The gamble of pro-talkers is simple: so long as there is a bigger target, the lesser target is safer. The state and society is thus confronted with prisoners’ dilemma: you can be anti-TTP and a target, or a sympathiser and relatively safe. We have created this dilemma because we fail to unite on basic principles: there can be no justification ever for one set of citizens to kill fellow citizens in pursuit of any political or ideological objective; and the state can never agree to share monopoly over violence with non-state actors.

So what would Imran Khan or Chaudhry Nisar negotiate with Fazlullah? How to abide by his vision of the Sharia and ways to implement it? Would they take his counsel on how to raise their kids or be ‘better’ Muslims? Would they endorse the revisionist mission of changing world geography, invading foreign territories and forcing their denizens to embrace the TTP’s brand of faith? If support for talks is meant to be more than a personal insurance policy and thus not an end in itself, shouldn’t the object of proposed talks and non-negotiable redlines be clearly stated?

If negotiations are meant to mainstream Fata and elicit the support of tribesmen for Pakistan, its Constitution and policies, let’s talk to leaders of all tribes and not those of a terror outfit.

Riaz Haq said...

#‎Pakistan‬ Army, ISI whispering in ‪#‎PTI‬ chief's ears? ‪#‎Imrankhan‬ now supports govt's anti-terror campaign against ‪#‎TTP‬

Hopewins said...

^^RH: "The year 2014 in Pakistan began with 27 deadly terrorist attacks in the first 20 days, claiming nearly 200 lives, according to South Asia Terrorism Portal. "

But did you NOTICE something astounding about the SATP statistics?

From 2008 through to 2011, the number of terrorists killed was more than the number of civilians.

After that, however, the civilian death toll has been higher than the number of terrorists killed?

See for yourself. 2012 & 2013 has been a BLOODY year for civilians, but not so bad for the terrorists.

Why is this? Is this because the Army stopped targeting them? Or is it because they are using new tactics? What is your analysis of this strange phenomenon?

Anonymous said...

What goes unsaid in your articles is how much Indians were right.

Didn't we in the 90s and after Mumbai attacks tell Pakistan how these "non-state actors" will eventually threaten the very state, they claim to "NOT" represent and get support from?

But, Pakistanis have not learned the lesson. Yesterday, there were news about how Pakistan is slowly activating all the anti-India Terrorists like Masood Azhar, who have links with Al Qaeda and Taliban.

We also told Pakistan how all this will affect the Pakistani Economy and we were again proved right.

We will again provide a prediction : Pakistan will face widespread isolation. 2015 will be the most bloodiest year in Pakistan.

Pakistan will go a long way towards becoming the next North Korea. And, India-Pakistan will be similar to South-North Koreas.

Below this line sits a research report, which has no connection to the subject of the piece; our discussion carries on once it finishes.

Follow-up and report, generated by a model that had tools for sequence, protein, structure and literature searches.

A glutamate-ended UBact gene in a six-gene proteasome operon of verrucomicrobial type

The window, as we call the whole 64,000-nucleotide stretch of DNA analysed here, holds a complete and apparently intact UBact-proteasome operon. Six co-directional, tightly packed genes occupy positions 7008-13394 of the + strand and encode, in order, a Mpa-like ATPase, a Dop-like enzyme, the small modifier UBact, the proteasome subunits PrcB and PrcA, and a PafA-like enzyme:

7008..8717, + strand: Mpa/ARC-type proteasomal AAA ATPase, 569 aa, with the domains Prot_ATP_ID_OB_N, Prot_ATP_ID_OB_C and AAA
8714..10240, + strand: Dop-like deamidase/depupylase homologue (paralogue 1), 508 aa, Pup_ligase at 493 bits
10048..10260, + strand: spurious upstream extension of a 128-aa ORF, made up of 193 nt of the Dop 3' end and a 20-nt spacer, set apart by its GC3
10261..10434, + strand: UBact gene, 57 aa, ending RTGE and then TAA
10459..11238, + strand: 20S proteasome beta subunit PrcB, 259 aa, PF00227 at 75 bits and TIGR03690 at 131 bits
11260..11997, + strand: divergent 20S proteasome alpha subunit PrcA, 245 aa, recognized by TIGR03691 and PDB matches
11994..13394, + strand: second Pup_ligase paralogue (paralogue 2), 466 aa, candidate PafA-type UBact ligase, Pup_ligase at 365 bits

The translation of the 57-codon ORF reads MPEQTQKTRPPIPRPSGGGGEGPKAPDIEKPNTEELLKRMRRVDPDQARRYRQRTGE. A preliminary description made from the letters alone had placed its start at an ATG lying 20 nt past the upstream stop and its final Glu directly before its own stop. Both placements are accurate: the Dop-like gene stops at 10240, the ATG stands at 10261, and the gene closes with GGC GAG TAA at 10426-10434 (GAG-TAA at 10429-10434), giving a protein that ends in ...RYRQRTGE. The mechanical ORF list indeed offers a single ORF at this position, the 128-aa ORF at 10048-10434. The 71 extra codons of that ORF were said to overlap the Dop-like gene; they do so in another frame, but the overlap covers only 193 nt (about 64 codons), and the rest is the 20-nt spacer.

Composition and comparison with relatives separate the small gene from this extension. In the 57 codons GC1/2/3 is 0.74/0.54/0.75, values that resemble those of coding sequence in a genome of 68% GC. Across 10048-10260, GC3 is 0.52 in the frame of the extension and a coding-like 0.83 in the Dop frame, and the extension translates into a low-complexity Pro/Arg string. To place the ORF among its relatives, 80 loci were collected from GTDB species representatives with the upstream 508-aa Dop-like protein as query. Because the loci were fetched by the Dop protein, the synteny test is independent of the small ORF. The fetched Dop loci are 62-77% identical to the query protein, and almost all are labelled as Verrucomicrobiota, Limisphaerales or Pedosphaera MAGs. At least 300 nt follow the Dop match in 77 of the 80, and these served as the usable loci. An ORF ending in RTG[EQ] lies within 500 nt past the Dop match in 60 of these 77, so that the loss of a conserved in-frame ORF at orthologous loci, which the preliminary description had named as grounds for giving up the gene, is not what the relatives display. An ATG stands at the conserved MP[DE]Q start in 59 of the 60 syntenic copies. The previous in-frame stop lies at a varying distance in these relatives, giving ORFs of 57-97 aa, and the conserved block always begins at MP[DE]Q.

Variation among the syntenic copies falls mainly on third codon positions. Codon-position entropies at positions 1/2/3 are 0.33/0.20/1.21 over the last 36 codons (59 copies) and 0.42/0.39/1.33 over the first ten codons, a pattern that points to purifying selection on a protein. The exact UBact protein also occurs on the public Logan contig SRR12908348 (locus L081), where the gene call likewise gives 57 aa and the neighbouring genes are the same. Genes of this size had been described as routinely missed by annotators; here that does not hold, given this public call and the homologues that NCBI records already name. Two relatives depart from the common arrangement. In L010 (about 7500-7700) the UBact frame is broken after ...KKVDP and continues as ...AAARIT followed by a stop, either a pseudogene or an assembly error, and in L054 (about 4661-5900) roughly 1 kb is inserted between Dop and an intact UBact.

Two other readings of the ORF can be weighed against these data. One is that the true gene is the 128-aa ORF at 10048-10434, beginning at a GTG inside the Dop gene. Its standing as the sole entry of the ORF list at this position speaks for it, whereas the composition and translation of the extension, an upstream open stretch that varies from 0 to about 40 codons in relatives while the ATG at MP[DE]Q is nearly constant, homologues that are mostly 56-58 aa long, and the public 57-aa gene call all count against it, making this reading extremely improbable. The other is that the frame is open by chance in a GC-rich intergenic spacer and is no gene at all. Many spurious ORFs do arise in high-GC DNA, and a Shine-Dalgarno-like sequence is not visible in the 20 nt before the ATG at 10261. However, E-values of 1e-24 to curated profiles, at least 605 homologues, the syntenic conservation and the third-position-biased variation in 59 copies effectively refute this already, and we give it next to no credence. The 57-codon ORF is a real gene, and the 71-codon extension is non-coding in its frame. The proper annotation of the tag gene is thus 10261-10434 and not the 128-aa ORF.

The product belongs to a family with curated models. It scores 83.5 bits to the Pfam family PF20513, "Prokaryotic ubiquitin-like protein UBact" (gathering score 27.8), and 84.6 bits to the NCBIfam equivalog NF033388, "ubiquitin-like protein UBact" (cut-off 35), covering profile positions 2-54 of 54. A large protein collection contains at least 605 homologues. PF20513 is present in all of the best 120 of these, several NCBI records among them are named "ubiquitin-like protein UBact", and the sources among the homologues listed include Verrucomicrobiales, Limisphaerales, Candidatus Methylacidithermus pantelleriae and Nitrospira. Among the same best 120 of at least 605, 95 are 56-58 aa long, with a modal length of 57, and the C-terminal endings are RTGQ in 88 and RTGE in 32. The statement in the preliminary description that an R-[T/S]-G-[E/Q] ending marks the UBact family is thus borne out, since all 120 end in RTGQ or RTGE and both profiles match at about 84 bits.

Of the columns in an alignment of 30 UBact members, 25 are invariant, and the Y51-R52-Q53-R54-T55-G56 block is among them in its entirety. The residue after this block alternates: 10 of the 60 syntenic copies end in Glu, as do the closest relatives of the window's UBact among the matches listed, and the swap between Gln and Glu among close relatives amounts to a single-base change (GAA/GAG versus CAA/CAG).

Not even the Chinese will not be able to help Pakistan, unless Pakistan dismantles all anti-India Terror groups and prosecutes Mumbai attackers and forgets about Kashmir.

The only way Pakistan can come up with resources to fight the insurgents is by removing troops from LoC/IB with India to Karachi, South Punjab, FATA and other places.

Cancer has metastasized and has affected all the organs.

Pakistan is haunted by 2 Is. India and Islam. India without lifting a finger and Islam by ensuring TTP will have endless recruits.

Riaz Haq said...

Here's a Hindu report on Pakistan's National Internal Security Policy (NISP announced by Ch Nisar Ali Khan:

Pakistan’s first ever National Internal Security Policy (NISP) apart from addressing critical issues related to threat perceptions ranging from street crimes to nuclear terrorism, envisages a deradicalisation programme which involves looping madrassas into mainstream education.

The policy tabled by Interior Minister Chaudhry Nisar Ali Khan in the National Assembly recently, is aimed at protecting the national interest of Pakistan and includes three key elements — a dialogue with all stakeholders, isolation of terrorists from their support systems and enhancing deterrence and capacity of the security apparatus. The NISP said dialogue offered a political means to end internal disputes but this is not the only option though it is the most preferred way to bring peace and reconciliation. Doors were open for negotiations with all anti-state and non-state groups within the limit of the Constitution and without compromising the primary interests of territorial integrity and sovereignty of the state.

The National Counter Terrorism Authority (NACTA), designated as the focal organisation for coordinating counter terrorism efforts in Pakistan, in consultation with other institutions supporting NISP, will develop and coordinate a National De-Radicalization Programme Design. The policy envisages the integration of mosques and madrassas in the national and provincial educational establishment by mapping and then mainstreaming and integrating the existing and new madrassas and private sector educational institutions.